I was embedded in City Council District 1 this week to learn about its residents’ concerns and the four candidates campaigning to represent them.
By coincidence, those two worlds collided in the packed community meeting room of a shopping mall Wednesday night. I just couldn’t miss it!
A planning group hosted the first and only scheduled forum with all four candidates. Residents asked questions from the audience and then the candidates weighed in.
The candidates include incumbent Councilwoman Sherri Lightner, former retirement board president Ray Ellis, attorney Bryan Pease and Torrey Pines planning board chairman Dennis Ridz.
Here are six highlights from the discussion:
Regents Road Bridge
The candidates were first asked whether they support or oppose building the Regents Road Bridge across Rose Canyon, a nature preserve in University City.
Lightner, Pease and Ridz each said they oppose the bridge. Ellis steered clear of defining his position, saying the city had other issues to deal with first. “We shouldn’t be thinking about new infrastructure,” Ellis said. “Right now, it’s off the table.”
The issue resurfaced later and the crowd focused on Ellis’ position. Debbie Knight, a bridge opponent, said bridge supporters have been putting up Ellis’ campaign signs in their yards. She asked him if he supports the bridge.
Again, Ellis declined to provide a definitive position. “It’s off the table,” he repeated. “That means we cannot address the issue in the short-term.”
A New Fire Station
As I noted earlier that day, some residents want UC San Diego to pay for a new fire station near the campus. At the forum, Lightner announced that the city is close to a deal.
“We are in the final negotiations of that,” she said. “UCSD will build a fire station there.”
Lightner called herself a leader in managed competition, a bidding process that pits city employees against the private sector to provide public services.
Ellis and Ridz called her remark a joke. They said it took the City Council too long to put services out to bid. Voters endorsed the process in 2006. The council approved the city’s first contract in 2011, three years after Lightner took office.
Pease also said managed competition is part of the reason he entered the race. He opposes it. Lightner, Ellis and Ridz support it.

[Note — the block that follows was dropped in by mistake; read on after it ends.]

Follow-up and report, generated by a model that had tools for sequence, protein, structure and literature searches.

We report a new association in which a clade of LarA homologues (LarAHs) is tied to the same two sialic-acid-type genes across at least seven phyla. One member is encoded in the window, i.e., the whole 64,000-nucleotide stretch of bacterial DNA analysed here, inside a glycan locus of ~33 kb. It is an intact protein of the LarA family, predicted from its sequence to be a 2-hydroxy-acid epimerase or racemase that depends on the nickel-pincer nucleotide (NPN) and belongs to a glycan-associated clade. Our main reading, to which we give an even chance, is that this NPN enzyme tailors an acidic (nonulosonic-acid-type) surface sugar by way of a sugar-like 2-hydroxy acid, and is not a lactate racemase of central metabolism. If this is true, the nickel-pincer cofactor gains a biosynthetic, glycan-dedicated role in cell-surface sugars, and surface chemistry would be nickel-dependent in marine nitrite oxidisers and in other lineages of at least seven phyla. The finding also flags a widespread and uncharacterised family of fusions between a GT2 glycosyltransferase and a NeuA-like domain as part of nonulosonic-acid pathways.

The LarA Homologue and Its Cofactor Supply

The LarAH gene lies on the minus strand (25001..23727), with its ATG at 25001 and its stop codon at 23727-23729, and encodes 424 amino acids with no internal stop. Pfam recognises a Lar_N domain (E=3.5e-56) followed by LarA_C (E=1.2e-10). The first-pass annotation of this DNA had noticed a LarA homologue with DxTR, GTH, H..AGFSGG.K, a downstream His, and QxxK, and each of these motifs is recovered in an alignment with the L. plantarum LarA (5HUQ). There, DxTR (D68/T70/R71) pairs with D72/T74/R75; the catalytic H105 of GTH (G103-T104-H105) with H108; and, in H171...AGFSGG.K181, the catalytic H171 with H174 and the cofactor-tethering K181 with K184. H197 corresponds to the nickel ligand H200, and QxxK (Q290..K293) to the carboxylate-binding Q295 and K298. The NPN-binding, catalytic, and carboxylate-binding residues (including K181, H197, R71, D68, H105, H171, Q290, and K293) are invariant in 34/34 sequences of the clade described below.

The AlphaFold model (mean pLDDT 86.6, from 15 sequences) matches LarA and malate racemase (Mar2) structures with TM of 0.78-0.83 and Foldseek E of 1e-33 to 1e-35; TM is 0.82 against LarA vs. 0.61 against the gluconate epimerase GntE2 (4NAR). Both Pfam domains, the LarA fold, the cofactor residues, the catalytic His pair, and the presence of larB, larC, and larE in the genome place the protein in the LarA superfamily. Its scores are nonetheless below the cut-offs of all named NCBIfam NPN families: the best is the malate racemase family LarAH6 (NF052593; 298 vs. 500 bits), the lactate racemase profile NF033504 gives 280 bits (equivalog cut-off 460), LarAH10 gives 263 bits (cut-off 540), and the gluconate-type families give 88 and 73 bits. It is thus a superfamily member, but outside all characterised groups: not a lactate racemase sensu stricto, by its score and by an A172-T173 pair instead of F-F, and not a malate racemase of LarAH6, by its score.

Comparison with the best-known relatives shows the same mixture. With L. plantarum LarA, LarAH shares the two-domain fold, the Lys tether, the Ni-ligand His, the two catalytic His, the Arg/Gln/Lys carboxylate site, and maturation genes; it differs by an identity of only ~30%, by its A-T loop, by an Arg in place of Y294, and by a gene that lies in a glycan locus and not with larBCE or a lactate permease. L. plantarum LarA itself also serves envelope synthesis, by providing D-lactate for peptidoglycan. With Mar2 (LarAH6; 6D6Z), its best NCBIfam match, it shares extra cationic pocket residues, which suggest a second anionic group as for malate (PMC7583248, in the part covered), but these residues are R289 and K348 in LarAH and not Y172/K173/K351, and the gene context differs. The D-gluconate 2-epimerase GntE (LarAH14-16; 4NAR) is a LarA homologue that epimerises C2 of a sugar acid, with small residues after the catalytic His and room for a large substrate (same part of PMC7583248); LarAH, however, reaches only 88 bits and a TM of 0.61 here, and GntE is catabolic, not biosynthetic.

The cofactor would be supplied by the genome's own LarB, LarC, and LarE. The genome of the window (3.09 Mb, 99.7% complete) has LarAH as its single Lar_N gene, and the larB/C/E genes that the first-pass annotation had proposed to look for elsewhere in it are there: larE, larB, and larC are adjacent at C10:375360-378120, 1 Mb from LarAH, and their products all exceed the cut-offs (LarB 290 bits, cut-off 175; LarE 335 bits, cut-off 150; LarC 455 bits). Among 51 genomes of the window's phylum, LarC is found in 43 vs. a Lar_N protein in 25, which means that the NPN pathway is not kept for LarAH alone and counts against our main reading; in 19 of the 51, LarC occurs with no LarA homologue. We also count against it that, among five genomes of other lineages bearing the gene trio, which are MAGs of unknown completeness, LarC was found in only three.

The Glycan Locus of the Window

A lesser-known initiative on the June ballot showed some of the starkest differences between the candidates. The measure would ban the city from requiring union-friendly pacts on construction projects. (Here’s a quick primer.)
Lightner opposed the initiative, saying it would jeopardize state funding for construction projects. Ellis supported it, arguing it would level competition among bidders and increase transparency by posting all contracts online.
Ridz said he hadn’t read the initiative and couldn’t therefore offer his position on it. And Pease, well, misunderstood the issue.
Pease said he opposes the initiative because he opposes managed competition. But the initiative has nothing to do with managed competition. It’s an entirely different bidding process.
A Proud Carpetbagger?
A resident asked each of the candidates to explain how long they’ve lived in District 1. My hand wasn’t quick enough to write down the numbers for Lightner, Ellis and Ridz. I got caught up in Pease’s response.
“Thank you for exposing me as the carpetbagger I am!” Pease exclaimed. He said he moved to the district a few months ago because he was troubled by the opinions of the other candidates.
Pease is the only one in the race who opposes managed competition and a high-profile pension reform initiative on the June ballot, Proposition B. “I am the progressive in the race,” he said.
Throughout the debate, Pease also talked about Councilman and mayoral candidate Carl DeMaio. While the other candidates talked about their own resume or experiences in their closing arguments, Pease contrasted himself to DeMaio.
“Carl DeMaio represents a brand that is very anti-labor and that is what I stand against,” he said.
An Uncomfortable Lightner?
Lightner looked more uncomfortable than her challengers and made it known to the crowd several times. She said her chair was sticky and complained about the room’s rising temperature.
At times, she just seemed out of her element. The other candidates spoke freely during their opening and closing arguments. She read from note cards. Her final remarks sounded like a formal valediction.
“I look forward to working for you in the future and I view community service as the highest honor,” she said.
Lightner’s challengers have urged her to debate again before the election. Before the crowd dispersed, one resident stepped forward and invited the candidates to a meeting in Carmel Valley.
Lightner didn’t respond yes or no. She just started packing up her things.